Two weeks in and the NFL’s already adding fun to water-cooler conversations — unless of course you’re a long-suffering Browns fan and you wish it were possible to drown yourself in said cooler.
For those who flick channels from pregame show to pregame show Sunday mornings looking for that one tip for your fantasy league or booki…yes, fantasy league team, two topics dominated discussion.
No, nothing about the Browns. Surprise.
One was Ndamukong Suh; the other Tom Brady.
Suh was the main topic du jour, which wasn’t shocking considering NFL Commissioner Roger Goodell just dropped a $100,000 fine on the third-year player for playing like the beast he had a reputation of being when the Detroit Lions drafted him out of Nebraska. (I suspect his old team could use him right about now after the UCLA Bruins dropped 41 points on them this past weekend).
Suh’s intense. He plays like the Incredible Hulk on angel dust and apparently he’s borderline out of control. But is he a dirty player?
“Yes. He’s been verging on for a long time, and I’ve been a big Suh supporter, but when you never take responsibility,” said Tom Jackson of ESPN’s NFL Sunday Countdown, “… right now, he’s got to make an adjustment.”
Former Baltimore Ravens linebacker Ray Lewis, a man known for playing with ferocity, suggested that it might be best to figure out where Suh’s rage originates. That might be a start.
“Ndamukong Suh is dealing with a completely different mindset,” he said, “and if we don’t get into these athletes’ mindset to understand where they come from and what they’ve been through, then it’s going to be a hard time figuring out.”
And apparently Suh doesn’t discriminate, which, under normal circumstances, would be a good thing.
“You talk to people inside Detroit and they say even in practice, Ndamukong gives guys the business,” Fox NFL Sunday insider Jay Glazer said. “He’ll slam a guy’s head against the ground, he’ll stomp on a guy, he’ll take little shots at guys, and guys are concerned that if he can’t control himself even in practice, how can he control himself against somebody else’s jersey?”
The reality just might be that Suh is a guy out of his time. The NFL has tried to police as much of the violence out of the league as possible without turning it into Pop Warner football. But no matter who has coached him, Suh has tried to knock the snot out of his opponents. He’s accomplishing that mission.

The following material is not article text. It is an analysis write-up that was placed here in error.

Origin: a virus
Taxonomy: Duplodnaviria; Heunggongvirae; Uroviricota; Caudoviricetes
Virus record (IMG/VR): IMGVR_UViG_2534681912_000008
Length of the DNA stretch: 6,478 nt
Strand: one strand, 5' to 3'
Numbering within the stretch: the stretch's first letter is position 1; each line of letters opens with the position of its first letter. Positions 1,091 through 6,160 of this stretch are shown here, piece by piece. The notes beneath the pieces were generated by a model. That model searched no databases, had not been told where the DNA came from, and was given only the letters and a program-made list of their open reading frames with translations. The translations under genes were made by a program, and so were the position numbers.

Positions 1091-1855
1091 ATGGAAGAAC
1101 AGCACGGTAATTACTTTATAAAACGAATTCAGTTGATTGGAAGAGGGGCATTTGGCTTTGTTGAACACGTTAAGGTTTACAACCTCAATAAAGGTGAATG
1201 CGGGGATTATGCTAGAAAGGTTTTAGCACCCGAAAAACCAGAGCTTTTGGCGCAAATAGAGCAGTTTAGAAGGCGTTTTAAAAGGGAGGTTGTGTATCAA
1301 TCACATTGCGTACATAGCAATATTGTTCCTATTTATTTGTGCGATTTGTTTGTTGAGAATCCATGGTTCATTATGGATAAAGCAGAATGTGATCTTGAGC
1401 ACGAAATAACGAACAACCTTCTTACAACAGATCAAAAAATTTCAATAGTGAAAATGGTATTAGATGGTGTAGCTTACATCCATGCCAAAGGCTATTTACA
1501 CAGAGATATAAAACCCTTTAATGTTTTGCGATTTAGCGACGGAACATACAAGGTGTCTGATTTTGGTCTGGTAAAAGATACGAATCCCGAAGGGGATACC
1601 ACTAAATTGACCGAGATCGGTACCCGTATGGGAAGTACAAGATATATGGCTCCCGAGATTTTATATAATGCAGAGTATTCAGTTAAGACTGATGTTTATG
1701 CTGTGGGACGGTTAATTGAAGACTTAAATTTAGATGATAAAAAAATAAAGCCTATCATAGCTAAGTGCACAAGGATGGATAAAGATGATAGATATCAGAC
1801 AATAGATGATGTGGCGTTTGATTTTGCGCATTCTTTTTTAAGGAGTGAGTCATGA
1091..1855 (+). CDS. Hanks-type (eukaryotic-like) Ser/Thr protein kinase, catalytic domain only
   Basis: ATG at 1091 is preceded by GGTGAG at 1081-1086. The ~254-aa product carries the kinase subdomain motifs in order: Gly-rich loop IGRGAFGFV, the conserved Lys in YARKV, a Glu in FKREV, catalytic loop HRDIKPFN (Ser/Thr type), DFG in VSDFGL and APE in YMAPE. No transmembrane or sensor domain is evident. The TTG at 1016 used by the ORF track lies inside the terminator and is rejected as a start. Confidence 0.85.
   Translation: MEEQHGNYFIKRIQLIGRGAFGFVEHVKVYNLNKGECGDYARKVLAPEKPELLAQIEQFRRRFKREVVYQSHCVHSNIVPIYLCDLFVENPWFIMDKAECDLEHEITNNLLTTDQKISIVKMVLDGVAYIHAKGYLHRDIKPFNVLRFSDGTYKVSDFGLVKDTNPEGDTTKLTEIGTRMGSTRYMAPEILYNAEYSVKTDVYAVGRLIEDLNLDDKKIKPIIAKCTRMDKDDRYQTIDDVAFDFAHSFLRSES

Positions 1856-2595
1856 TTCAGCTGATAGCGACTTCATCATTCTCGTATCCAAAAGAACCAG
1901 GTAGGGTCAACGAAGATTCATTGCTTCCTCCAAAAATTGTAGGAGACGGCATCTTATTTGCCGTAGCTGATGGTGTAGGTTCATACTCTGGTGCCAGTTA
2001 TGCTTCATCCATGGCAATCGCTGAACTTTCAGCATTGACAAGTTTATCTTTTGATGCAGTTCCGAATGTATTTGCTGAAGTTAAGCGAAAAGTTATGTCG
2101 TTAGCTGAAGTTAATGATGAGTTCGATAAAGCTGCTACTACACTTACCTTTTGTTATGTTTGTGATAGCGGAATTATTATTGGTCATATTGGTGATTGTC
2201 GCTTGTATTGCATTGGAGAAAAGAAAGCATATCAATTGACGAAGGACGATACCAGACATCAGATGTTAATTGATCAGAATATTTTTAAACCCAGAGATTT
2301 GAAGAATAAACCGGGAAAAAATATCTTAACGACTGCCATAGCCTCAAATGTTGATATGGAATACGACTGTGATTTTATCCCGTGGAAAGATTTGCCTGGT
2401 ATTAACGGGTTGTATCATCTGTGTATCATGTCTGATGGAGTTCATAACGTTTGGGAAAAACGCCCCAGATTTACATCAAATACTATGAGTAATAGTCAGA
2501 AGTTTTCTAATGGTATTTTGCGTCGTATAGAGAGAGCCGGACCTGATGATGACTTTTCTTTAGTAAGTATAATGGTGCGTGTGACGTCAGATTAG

“If Ndamukong Suh had lined up next to me in 1985, he’d be revered,” said Fox NFL Sunday analyst and hall of famer Howie Long, who played for the Oakland Raiders. “Someone needs to show him a newspaper — it’s 2013 and the reality is they’re going to take your money and inevitably they’re going to sit you down, and nobody wants to see Ndamukong Suh on the bench. He needs to be on the field.”
And after Suh goes double live gonzo on the field, you now have Brady, the quarterback for the New England Patriots, caught — GASP — yelling at receivers on the sidelines during an ugly win over the New York Jets. That game was so ugly I watched Big Bang Theory reruns that I’ve already seen five or more times.
This isn’t one of those Patriots teams that slices through its competitors with precision.
“Tom Brady’s never been in a position where things were bad for him. He walked right into a good situation, but this is bad right now especially if Danny Amendola doesn’t come back,” said Terry Bradshaw on Fox NFL Sunday.
That about sums it up. In the end, Brady received some criticism in the Twitterverse for doing exactly what nearly all truly competitive quarterbacks have done in the past.
CBS college basketball analyst Clark Kellogg, a native of East Cleveland and a former Ohio State Buckeye, and Greg Anthony will be changing places. Kellogg will return to being the primary in-studio analyst (he will still call the occasional game), and Anthony moves to the top announcing team with veteran Jim Nantz.
George M. Thomas can be reached at firstname.lastname@example.org. Read the Sports Media blog at http://www.ohio.com/blogs/sports-media. Follow him on Twitter at http://www.twitter.com/GeorgeThomasABJ and on Facebook at http://www .facebook.com/sports.abj.